From: Booklets

    Information level Level 2
  • Sleep

    Sleep is essential to physical and mental health.Anxiety, depression, drug or alcohol use, and illness can contribute to sleep problems.Simple lifestyle changes may be enough to...

    From: Factsheets

    Information level Level 2
  • Lipodystrophy

    Lipodystrophy is a side-effect of some older anti-HIV drugs which are now rarely used.Lipodystrophy includes both weight gain and weight loss.It is common for people...

    From: Factsheets

    Information level Level 2
  • Talking points: a checklist for you and your doctor

    Talking points is designed to help you talk to your doctor about HIV treatment....

    From: Resources

  • My drugs chart

    My drugs chart provides information on all the anti-HIV drugs currently licensed for use in Europe.Select your chosen drugs and drag them onto the area...

    From: My drugs chart

  • HIV treatment side-effects and mental health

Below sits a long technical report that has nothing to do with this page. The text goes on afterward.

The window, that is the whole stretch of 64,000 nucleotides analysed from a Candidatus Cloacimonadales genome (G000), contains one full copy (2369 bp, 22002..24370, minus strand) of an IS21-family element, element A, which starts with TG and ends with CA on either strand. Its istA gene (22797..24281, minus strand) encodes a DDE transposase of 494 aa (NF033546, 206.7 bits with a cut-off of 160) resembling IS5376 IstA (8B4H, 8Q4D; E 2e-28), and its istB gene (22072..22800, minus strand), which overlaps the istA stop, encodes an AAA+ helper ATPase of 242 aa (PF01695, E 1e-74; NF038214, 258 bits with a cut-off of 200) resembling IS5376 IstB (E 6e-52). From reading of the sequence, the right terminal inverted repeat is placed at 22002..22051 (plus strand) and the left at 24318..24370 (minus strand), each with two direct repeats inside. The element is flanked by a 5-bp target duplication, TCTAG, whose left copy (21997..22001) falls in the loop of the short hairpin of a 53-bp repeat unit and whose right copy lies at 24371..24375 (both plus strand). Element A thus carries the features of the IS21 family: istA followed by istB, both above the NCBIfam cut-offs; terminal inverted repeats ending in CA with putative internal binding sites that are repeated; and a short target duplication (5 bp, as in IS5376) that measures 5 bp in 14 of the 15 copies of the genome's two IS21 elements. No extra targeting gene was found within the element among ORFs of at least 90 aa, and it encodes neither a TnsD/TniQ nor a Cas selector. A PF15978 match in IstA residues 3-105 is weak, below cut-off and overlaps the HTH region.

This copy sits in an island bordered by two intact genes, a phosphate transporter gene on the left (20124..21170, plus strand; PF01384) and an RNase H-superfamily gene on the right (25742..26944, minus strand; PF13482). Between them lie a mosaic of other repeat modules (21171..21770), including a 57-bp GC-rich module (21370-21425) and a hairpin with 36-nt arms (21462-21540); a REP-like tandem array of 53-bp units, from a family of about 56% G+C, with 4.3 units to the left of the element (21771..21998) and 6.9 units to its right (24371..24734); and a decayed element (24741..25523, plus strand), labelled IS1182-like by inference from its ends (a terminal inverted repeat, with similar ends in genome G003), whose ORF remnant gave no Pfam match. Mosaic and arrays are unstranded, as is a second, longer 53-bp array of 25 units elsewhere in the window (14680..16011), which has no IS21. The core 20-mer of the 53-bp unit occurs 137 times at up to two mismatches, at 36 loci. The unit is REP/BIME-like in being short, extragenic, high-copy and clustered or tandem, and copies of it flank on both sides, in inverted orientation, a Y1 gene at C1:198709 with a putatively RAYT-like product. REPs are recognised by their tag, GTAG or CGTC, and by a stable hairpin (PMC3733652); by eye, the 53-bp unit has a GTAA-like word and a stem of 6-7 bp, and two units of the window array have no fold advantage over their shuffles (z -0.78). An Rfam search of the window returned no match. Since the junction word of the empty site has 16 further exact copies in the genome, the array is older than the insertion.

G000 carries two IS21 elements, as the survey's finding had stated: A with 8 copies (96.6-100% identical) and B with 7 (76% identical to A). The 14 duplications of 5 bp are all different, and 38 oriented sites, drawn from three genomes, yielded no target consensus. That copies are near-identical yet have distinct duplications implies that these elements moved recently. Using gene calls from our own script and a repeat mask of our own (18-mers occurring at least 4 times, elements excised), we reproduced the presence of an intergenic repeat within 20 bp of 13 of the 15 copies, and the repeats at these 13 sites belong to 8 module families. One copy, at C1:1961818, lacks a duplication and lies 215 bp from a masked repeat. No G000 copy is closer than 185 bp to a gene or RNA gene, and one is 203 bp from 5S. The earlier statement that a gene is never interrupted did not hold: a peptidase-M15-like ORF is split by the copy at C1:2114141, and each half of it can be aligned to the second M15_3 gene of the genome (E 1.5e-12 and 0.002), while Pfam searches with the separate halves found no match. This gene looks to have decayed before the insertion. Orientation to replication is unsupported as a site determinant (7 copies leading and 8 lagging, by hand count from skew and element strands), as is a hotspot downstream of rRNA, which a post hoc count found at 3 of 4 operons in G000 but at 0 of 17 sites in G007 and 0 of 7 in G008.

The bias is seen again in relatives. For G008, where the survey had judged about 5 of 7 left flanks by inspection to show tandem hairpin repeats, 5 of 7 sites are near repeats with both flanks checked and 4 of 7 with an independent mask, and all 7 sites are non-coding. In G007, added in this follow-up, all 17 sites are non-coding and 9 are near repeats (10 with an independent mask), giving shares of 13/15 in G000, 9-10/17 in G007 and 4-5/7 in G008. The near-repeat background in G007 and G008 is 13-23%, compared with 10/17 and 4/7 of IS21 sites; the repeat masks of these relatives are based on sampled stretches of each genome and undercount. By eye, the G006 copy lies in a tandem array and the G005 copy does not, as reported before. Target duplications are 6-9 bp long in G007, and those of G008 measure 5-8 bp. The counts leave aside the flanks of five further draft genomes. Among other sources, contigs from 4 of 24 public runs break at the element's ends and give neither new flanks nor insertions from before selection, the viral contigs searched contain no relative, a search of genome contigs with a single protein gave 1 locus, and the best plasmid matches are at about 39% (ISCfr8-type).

Some anti-HIV drugs can affect your emotional and mental health. Most notably, the non-nucleoside reverse transcriptase inhibitor (NNRTI) efavirenz (Sustiva, also in the combination pill, Atripla) has...

    From: Booklets

    Information level Level 2
  • HIV treatment in women

    The evidence available suggests that HIV treatment works well for women. Unless you are pregnant, the recommendations for HIV treatment are the same for both women and...

    From: Booklets

    Information level Level 2
  • Side-effects

    Like all medications, anti-HIV drugs can cause side-effects and these can be a reason why people don’t take their treatment properly. The risk of side-effects can vary between...

    From: Booklets

    Information level Level 2
  • Effect of genetic variation on side-effects of HIV drugs